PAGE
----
The objective of this paper is to present the performance gains that can be achieved on “bare metal” and virtualized computing environments through the use of a host-based solid-state storage cache enabled by the FlashSoft® software from SanDisk. Microsoft SQL Server 2014 was installed on a server running Microsoft Windows Server 2012 R2 and performance was measured from a client computer using HammerDB. The database for the test was contained on a storage array comprising SAS-attached hard disk drives (HDDs), which was attached directly to the host server.
The computers used for this test were configured as follows:
Figure 1: Diagram of hardware configuration for tests
The benchmark test was conducted multiple times to measure and compare performance of the non- accelerated HDD storage backend and the same HDD backend accelerated using a FlashSoft software write back cache. Two sets of tests were performed:
General Setup (for all tests)
Bare Metal Workload Acceleration Test Setup
1) On the host server map to the MD storage array and create addressable storage volumes for the benchmark test:
Figure 2: Storage volume mappings on the host server
2) Configure HammerDB on the client computer using the following settings:
Figure 3: HammerDB client settings
File Exclusion Test Setup
Starting with the Workload Acceleration Test configuration described above:
1) Reconfigure storage volumes of the MD storage array as follows:
Figure 4: Storage volume mappings on the host server
2) Enable Hyper-V on the host server and create one virtual machine.
Figure 5: Storage volumes of the virtual machine
Figure 6: Disk image files on the host server
3) Enable FlashSoft on the host server to accelerate the disk image files located on volume F: which in turn will accelerate performance of the Data, Log and OS VHXD volumes of the virtual machine.
4) Run HammerDB on the client computer to measure SQL performance of the accelerated virtual machine.
5) On the host server disable FlashSoft acceleration of the disk image files for Log and OS.
6) Run HammerDB on the client computer to measure SQL performance of the virtual machine with only the Data volume accelerated.
7) Compare results.
|Workload Acceleration Test (Bare Metal)|
(Transactions Per Minute)
Storage backend not accelerated.
Data files accelerated with FlashSoft write-back cache.
|x4.38 Improvement over Baseline|
Table 1: Workload acceleration test
Figure 7: Increased TPM performance with FlashSoft write-‐back caching
Figure 8: Baseline SQL Transactions
Figure 9: Accelerated SQL Transactions
Figure 10: Baseline disk activity
Figure 11: Accelerated disk activity
|File Exclusion Test Benchmark (Hyper-V)|
(Transactions Per Minute)
Storage backend not accelerated.
|Accelerated w/o File Exclusion
All files accelerated with FlashSoft write-back cache.
|x2.88 Improvement over Baseline|
|Accelerated w/ File Exclusion
Only database files accelerated with FlashSoft write-back cache. OS and log VHDx files excluded from acceleration.
|x5.93 Improvement over Baseline|
Table 2: File exclusion test
Figure 12: Enhanced caching performance utilizing file-‐exclusion feature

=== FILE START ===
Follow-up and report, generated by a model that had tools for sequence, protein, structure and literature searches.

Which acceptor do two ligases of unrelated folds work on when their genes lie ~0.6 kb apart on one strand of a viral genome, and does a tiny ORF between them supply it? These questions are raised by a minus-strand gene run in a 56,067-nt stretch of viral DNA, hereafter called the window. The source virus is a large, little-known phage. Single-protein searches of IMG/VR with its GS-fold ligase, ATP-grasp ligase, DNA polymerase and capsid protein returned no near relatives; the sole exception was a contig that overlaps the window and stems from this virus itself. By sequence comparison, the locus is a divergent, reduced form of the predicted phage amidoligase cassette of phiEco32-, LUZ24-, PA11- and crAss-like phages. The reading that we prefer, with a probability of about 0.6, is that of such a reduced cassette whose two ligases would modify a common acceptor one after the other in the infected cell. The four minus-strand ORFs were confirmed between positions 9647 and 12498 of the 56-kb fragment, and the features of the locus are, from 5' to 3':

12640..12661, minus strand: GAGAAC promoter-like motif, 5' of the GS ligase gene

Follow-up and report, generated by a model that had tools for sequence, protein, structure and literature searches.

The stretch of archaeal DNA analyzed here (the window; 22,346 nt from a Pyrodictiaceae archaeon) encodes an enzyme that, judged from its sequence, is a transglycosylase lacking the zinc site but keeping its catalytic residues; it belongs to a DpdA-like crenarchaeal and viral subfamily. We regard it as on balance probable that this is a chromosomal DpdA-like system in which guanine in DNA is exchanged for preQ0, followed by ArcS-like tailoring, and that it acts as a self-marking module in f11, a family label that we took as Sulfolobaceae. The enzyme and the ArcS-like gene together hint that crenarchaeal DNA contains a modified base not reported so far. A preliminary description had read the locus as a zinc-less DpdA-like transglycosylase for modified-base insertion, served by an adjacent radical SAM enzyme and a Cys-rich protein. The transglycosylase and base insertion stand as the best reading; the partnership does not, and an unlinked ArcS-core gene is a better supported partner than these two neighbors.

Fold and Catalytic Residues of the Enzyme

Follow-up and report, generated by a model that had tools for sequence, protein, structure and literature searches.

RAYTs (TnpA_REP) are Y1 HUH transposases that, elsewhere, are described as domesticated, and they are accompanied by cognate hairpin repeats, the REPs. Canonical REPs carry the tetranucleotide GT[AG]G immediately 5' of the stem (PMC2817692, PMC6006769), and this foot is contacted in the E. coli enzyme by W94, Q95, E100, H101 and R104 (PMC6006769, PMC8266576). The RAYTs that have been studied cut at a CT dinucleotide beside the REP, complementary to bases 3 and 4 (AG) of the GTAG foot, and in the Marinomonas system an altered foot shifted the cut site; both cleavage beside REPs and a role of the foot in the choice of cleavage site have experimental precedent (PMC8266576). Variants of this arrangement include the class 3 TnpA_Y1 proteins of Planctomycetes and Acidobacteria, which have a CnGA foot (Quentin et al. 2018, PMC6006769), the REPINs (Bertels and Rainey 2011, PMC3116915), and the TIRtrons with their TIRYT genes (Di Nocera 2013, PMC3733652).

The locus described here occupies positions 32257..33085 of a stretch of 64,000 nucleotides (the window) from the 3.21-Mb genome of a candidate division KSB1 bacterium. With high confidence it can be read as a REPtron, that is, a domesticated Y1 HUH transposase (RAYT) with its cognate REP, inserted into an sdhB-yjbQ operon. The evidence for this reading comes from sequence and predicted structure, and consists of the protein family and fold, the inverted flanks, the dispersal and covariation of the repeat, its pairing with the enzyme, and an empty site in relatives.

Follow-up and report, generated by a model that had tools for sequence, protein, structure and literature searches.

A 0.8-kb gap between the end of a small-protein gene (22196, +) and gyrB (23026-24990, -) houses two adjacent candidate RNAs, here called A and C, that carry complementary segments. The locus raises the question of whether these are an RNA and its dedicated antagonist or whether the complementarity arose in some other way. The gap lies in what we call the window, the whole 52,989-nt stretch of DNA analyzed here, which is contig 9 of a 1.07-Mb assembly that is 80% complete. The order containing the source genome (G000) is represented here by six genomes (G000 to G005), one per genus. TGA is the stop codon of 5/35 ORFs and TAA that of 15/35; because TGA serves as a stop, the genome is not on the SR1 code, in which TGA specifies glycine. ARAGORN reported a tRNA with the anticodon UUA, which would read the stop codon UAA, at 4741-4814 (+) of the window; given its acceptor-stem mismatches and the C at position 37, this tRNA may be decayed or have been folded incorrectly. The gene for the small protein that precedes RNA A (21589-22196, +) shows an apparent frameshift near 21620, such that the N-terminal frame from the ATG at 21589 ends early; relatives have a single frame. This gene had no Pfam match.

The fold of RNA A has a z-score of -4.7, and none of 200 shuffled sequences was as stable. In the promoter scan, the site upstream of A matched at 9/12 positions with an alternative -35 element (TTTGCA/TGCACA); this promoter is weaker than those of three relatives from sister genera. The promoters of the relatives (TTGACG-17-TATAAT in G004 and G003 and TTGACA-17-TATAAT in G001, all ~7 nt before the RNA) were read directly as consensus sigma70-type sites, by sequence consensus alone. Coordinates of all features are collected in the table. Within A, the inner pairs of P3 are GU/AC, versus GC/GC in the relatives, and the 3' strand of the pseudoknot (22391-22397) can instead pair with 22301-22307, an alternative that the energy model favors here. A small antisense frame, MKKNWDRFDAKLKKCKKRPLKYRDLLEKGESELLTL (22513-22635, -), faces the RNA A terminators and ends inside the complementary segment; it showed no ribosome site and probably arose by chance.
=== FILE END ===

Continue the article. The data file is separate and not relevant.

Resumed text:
Data measured in the tests illustrate how FlashSoft software can significantly improve performance of Microsoft SQL Server workloads on both bare metal servers and Hyper-V virtual machines compared to traditional all-HDD backend storage.
The tests were conducted directly on the bare metal server and virtualized with Hyper-V using a Microsoft SQL Server workload measured by the HammerDB benchmark tool. Although the tests were constructed to be comparable to the conditions typically encountered in real-world computing and to generate data that reveal representative application performance, the tests can only be considered a demonstration of the capability of FlashSoft software – the data should not be interpreted as the performance impact of FlashSoft software for all workload types and storage environments. The actual performance of any caching solution is highly dependent upon the workload and the computing environment in which it is used.
The application performance test conducted on the bare metal host server demonstrates a 4.38 times increase in transactions per second as measured by HammerDB. The cache was only 1/3 the size of the database (workload) and was configured in write-back cache mode. The system activity graphs (figures 8 through 12) show operation of the cache as it warms up and enhances performance, as shown by the increased levels and intensity of SQL transactions and disk activity.
The file exclusion test highlights operation of a unique FlashSoft feature that allows the administrator to exclude individual files that would not typically benefit from caching. This frees caching resources to be applied toward “cacheable” files such as the database instead of the log or operating system. Additionally, it eliminates “thrashing” of the cache that occurs as the log is regularly updated with non- cacheable data intermixed with data of the database. The file exclusion test was conducted within a virtual machine to allow the log and operating system VHDx files to be excluded from cache acceleration. The parameters of the database and virtual machine storage were adjusted for this test to operate in the virtual machine. Table 2 illustrates a 2.8 times increase of performance over baseline when the log and operating system files are accelerated together with the database. Excluding the log and operating system in order to accelerate the database only further doubled the accelerated performance, resulting in nearly 6 times increase in performance compared to the baseline.
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